Energy Law: Regulating Energy Markets
- Semester: Spring 2021
- Course ID: 379M
- Credit Hours: 3
- Grading Method: Pass/Fail Not Allowed
- Cross-listed with other school
- Will use floating mean GPA if applicable
- Upperclass-only elective
|MON, WED||9:00 - 10:21 am||ONLINE|
|Final (administered by Exam4)||May 10, 2021|
This course will be taught in person but with the option of remote participation via Zoom. Please note that this course might become online-only in the event that actual in-person attendance during the semester consistently falls below a threshold to be determined in the exercise of reasonable discretion by the instructor and the Student Affairs Office.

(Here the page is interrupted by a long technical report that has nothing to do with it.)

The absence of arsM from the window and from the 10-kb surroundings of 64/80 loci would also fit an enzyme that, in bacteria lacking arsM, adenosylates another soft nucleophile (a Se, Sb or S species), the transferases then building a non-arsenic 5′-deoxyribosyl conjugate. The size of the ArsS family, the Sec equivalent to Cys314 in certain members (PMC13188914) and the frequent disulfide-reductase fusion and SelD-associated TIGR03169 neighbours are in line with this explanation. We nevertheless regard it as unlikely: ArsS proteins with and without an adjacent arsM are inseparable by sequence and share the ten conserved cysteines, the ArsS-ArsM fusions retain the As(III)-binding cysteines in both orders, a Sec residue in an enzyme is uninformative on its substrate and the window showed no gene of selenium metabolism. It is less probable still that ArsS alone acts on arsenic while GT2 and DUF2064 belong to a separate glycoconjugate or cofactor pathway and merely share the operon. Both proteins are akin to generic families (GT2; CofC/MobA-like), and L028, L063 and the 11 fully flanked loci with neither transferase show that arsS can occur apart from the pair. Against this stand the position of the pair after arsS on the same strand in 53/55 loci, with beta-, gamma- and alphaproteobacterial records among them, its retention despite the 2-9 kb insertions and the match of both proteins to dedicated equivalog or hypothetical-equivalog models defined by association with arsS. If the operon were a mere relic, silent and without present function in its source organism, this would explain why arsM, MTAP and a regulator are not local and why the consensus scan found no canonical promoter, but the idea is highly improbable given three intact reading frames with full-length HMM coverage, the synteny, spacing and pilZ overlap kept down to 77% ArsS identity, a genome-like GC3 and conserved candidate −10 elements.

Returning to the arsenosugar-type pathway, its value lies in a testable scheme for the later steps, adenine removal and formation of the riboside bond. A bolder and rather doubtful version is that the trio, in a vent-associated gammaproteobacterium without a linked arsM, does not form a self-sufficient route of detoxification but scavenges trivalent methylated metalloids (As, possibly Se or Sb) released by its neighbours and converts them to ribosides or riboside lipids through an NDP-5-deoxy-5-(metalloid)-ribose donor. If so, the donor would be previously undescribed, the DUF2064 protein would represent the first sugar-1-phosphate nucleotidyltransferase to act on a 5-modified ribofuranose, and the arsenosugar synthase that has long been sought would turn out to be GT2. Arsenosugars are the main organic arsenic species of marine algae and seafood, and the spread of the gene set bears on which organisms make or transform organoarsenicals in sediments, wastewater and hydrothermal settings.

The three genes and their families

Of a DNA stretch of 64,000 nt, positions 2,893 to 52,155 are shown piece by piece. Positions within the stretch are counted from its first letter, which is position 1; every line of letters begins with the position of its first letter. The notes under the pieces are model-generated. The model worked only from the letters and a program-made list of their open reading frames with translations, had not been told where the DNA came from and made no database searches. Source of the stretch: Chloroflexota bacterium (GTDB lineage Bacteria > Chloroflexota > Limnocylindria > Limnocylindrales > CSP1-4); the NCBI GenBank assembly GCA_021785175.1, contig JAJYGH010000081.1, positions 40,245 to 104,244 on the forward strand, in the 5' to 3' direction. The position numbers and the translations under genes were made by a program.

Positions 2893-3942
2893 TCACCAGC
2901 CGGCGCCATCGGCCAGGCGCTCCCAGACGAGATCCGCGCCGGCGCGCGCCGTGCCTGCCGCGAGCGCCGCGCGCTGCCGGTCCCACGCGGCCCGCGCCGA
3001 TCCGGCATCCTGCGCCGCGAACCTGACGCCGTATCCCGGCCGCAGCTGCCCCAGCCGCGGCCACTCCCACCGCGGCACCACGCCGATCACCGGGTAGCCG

This course examines in detail the regulatory regimes governing the sale and delivery of energy in American energy markets. Students will develop a working understanding of electricity and gas markets, how federal and state regulatory commissions regulate price and competition in those markets under the Federal Power Act, the Natural Gas Act, and analogous state laws. We will also address topical issues associated with the rapid technological and economic changes underway in the electricity and gas markets, including the effects of the rapid growth in renewable generation, disputes over the pricing and regulation of distributed energy resources (such as rooftop solar or demand response), the move toward increasing competition and market pricing, legal rules governing the siting of natural gas and electric transmission lines, rules governing the development of LNG terminals, and more. This class will be based in the Law School, but also open to students from the McCombs School, the Jackson School, and the LBJ School, and will mix traditional lecture and discussion with small group work in multidisciplinary teams. This is a companion course to (but not a prerequisite for) Energy Law: Regulating Energy Production.